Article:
Public safety tax hike looms
Majority of BOC leaning toward jump in millage rate to fund raises
Four of five members of the Newton County Board of Commissioners (BOC) said Tuesday night that they either support or are leaning toward supporting a .20 increase in the county’s millage rate to make public safety salaries com- petitive with surrounding counties and enhance the county’s ability to recruit and retain deputies and firefighters.
The millage rate would go from 13.44 to 13.64 under the proposal.
County Manager Lloyd Kerr and Finance Director Nicole Cross presented two budget options, A and B, to commissioners at the BOC’s May 30 work session. Option B, which contains the tax hike, would give the county’s sworn Sheriff’s Office deputies and Fire Service Operations employees pay increases consistent with recommendations made in a market analysis of county salaries. The proposed budget would also give all non-public safety county employees a 5 per- cent cost of living adjustment.
Option B would also transfer $500,000 into the county’s cash reserve and $300,000 into the fund balance. Kerr said the .20 increase would add approximately $20 per $100,000 of assessed value of a home to tax bills.
Option A, which maintains the millage at the current 13.44 rate gives all non-public safety county employees a 5 percent cost of living adjustment while giving sworn deputies and fire operations personnel either a 5 percent increase or an increase to the new proposed minimum, whichever is greater. Option A would transfer $500,000 into the cash reserve and $225,411 into the fund balance. Salary increases would take effect in January 2018.
Commissioner Lanier Sims said he wants to examine the whole budget but that he is leaning toward option B.
“Our main objective was to take care of the employees. We knew we wanted to do at least 5 percent, but after going through the exercises and seeing where our deputies and our firefighters compare to other counties, I knew then that we had to go above that 5 percent to get them as close to being whole as possible,” he said.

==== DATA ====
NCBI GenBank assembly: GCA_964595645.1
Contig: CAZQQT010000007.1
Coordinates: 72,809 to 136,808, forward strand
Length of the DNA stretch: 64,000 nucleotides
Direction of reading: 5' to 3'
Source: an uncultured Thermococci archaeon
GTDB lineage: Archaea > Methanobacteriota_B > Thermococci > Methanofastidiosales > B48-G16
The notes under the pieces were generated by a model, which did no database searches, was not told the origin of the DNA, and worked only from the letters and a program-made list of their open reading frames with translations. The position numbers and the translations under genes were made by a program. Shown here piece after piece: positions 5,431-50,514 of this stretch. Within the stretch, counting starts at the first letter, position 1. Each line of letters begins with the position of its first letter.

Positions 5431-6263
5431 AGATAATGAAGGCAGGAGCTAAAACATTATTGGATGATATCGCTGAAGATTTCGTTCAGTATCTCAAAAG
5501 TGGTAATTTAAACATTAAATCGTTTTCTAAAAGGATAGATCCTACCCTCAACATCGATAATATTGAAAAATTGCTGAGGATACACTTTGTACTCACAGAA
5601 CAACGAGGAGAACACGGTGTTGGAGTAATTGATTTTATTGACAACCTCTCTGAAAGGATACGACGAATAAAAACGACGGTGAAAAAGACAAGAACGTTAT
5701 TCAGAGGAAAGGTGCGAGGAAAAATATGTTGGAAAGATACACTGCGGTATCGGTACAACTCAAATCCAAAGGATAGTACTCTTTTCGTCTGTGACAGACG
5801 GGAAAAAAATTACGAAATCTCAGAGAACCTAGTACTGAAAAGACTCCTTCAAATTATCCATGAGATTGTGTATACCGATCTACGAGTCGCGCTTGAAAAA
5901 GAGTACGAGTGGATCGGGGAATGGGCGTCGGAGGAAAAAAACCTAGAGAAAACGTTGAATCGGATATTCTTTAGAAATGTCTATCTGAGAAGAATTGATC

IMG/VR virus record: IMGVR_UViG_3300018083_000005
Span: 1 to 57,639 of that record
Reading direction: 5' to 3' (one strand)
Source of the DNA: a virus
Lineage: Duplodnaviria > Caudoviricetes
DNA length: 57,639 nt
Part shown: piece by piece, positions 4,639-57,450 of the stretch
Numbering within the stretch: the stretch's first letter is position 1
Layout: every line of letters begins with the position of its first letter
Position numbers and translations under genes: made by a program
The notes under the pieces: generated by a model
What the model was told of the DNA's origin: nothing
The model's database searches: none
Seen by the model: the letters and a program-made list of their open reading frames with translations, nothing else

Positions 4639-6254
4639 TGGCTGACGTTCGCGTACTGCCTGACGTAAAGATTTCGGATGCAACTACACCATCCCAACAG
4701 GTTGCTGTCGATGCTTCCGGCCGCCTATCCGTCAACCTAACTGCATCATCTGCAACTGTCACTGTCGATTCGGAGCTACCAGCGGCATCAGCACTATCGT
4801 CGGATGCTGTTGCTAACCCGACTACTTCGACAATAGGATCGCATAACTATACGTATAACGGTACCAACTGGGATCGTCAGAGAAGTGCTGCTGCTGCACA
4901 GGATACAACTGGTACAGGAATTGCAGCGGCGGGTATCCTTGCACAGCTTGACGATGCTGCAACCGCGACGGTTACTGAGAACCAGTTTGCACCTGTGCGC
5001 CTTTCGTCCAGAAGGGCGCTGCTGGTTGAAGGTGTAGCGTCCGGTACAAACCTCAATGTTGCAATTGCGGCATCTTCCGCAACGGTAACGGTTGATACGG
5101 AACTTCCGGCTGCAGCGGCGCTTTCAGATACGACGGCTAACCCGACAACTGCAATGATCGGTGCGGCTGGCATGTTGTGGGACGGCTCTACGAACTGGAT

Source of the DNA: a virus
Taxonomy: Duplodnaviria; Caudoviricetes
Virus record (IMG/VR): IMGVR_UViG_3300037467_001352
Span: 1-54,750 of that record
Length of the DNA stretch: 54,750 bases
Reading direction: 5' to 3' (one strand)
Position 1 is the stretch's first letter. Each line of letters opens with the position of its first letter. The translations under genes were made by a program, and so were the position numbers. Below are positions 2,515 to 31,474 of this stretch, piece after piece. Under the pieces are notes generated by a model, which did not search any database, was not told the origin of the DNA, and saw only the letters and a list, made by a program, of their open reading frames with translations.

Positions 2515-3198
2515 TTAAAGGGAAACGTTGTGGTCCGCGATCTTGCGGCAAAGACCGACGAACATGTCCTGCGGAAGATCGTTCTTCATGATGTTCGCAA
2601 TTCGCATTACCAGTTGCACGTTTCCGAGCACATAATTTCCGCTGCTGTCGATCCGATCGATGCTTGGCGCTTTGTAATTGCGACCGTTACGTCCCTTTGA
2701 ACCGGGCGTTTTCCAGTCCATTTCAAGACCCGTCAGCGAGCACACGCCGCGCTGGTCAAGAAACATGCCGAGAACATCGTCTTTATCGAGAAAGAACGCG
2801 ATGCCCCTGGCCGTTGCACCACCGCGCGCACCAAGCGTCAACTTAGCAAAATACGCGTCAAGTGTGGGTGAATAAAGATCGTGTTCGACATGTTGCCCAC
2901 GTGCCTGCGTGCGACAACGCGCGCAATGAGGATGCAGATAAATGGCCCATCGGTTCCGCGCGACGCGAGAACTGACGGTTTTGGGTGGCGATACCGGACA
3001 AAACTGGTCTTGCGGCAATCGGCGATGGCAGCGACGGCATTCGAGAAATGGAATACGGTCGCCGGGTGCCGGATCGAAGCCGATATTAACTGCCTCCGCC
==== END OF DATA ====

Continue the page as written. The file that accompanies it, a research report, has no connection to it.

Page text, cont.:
Addressing the need for quick public safety response times, Commissioner Nancy Schulz said she is also leaning toward option B.
“We need deputies, we need to make sure that we are moving toward a comparable salary,” she said.
Schulz also said she wants to examine the budget plan further.
Citing the recently extended SPLOST (Special Purpose Local Option Sales Tax) and new charges for trash disposal for a large portion of citizens in the county, Commissioner Stan Edwards said he supports option A, which includes no millage increase.
“We’ve had free trash for so many years, and now that’s, in essence, another tax, whether it’s levied or not,” he said, “option A is the option I’ll support.”
Commissioner JC Henderson supported option B, saying that now is the time to stop kicking the can down the road with regards to public safety salaries.
“Option B would give the opportunity to do something for our employees, stop the bleeding and hopefully retain first responders,” he said.
Commissioner Ronnie Cowan said he supports option B, even though as a Republican, he is supposed to be on the “no millage rate increase side.”
“Nobody likes to say they’re voting for a millage increase,” he said, “what I’m voting for and supporting is providing funding for services that are needed in this county. The fact that we are short on law enforcement officers and firefighters is critical. That’s a basic obligation that government is required to take care of.”
Both budget proposals are contingent on where the county’s tax digest comes in. This year’s digest is expected to show an increase of 5 percent. Cross said that an increase of 6.5 percent would make option B possible without a millage rate increase.
The next BOC budget work session is scheduled for Wednesday, June 7, at 6 p.m.